When Bruce and I moved to Anchor Point in 1978, it was a very different place than it is today. It required a degree of self-sufficiency we were unfamiliar with coming from urban areas in Ohio and Florida. After spending three years in Anchorage, in the midst of the pre-pipeline wild-west atmosphere, we both shared a vision of living off the land with a big garden, a woodstove and a house we built ourselves.
A friend had purchased a large chunk of land directly above the Anchor River and pushed a road into the center, naming it Try Again Avenue. Bruce had purchased a 5-acre piece and erected a teepee on it, using poles from the infamous Kenai burn.
It is said that ignorance is bliss, and in our case, our youthful drive and shared dream helped us settle in. We pulled a 28-foot travel trailer onto the property, drilled a well, built a lean-to on the front of the trailer to hang winter gear and house our larger upgraded refrigerator and dug a hole for the outhouse.
We cooked and heated with a small woodstove. Spring and summer bloomed with abundance and sunshine and rhubarb pies and jam. We worked where and when we could, Bruce driving back roads looking for houses and buildings that needed to be wired. I worked weekends as a cocktail waitress at the Anchor River Inn and weekdays at a ceramic shop and later at an indoor tomato growing venture. We met and became friends and neighbors with an amazing array of people, mostly young and craving an unconventional lifestyle like us.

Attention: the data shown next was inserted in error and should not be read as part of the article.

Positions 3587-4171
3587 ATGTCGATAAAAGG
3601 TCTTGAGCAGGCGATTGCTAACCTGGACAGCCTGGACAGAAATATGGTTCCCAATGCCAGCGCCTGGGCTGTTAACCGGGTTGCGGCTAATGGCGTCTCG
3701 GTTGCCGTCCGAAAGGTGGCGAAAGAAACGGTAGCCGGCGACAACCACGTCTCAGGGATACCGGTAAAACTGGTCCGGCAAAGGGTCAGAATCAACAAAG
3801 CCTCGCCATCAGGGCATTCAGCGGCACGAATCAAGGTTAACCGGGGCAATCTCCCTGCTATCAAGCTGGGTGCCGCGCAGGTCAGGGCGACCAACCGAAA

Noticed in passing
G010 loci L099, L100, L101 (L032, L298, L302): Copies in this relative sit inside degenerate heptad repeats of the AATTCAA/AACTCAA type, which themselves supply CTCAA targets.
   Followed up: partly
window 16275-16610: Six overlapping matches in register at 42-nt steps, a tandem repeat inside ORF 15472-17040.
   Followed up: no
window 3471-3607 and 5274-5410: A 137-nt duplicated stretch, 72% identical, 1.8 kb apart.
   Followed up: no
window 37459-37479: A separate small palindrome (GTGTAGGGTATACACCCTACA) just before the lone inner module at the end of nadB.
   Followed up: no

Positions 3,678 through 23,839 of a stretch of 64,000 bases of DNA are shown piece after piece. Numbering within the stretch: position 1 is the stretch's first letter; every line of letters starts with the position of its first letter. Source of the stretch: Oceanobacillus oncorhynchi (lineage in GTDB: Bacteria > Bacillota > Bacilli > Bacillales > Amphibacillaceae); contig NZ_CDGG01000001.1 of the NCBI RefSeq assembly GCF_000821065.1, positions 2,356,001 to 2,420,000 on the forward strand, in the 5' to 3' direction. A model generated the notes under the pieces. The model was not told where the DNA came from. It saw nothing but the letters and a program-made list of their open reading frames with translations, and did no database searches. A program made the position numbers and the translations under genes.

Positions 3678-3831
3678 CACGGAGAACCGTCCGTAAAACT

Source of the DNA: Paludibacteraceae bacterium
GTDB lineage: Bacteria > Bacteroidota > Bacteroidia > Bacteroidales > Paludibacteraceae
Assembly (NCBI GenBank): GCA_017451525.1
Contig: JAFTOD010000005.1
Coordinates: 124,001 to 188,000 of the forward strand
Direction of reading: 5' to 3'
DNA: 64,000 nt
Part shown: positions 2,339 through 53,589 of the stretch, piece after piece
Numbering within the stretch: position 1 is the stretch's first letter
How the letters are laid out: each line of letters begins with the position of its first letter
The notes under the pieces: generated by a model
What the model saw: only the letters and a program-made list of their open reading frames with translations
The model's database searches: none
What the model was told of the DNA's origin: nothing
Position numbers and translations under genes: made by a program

It didn’t take us long to start realizing success in our environment depended on an enormous amount of work in the summer to prepare for winter and we struggled to find that balance the first few challenging winters. I recall barely making it from paycheck to paycheck and getting out of our car in the cold and darkness of winter and spotting a $10 bill frozen in the ice. We couldn’t believe our luck and chipped away at the ice until we freed that money. We bought a bag of rice and a six pack of beer with that 10 dollars. We laugh about it now but the kindness and generosity of our friends and neighbors made the difference in us sticking it out or giving up and retreating to a much easier lifestyle and more forgiving climate.
I remember our second winter being asked to house-sit at a double wide trailer in the trailer park across from the Anchor River Inn. It belonged to the owners of the ceramic shop where I worked. Since we were waking up in the morning with our bedding firmly frozen to the inside of our bedroom in our small travel trailer, we felt like we were moving to a mansion. Instead of stoking the wood fire during the night, we would simply turn up a thermostat in the living room. When the owners left, they encouraged us to help ourselves to any of the food available and I remember we opened the chest freezer and found it plugged full of Weight Watcher frozen dinners. We had hit the jackpot. We made it through that winter eating Weight Watcher stuffed peppers almost every night.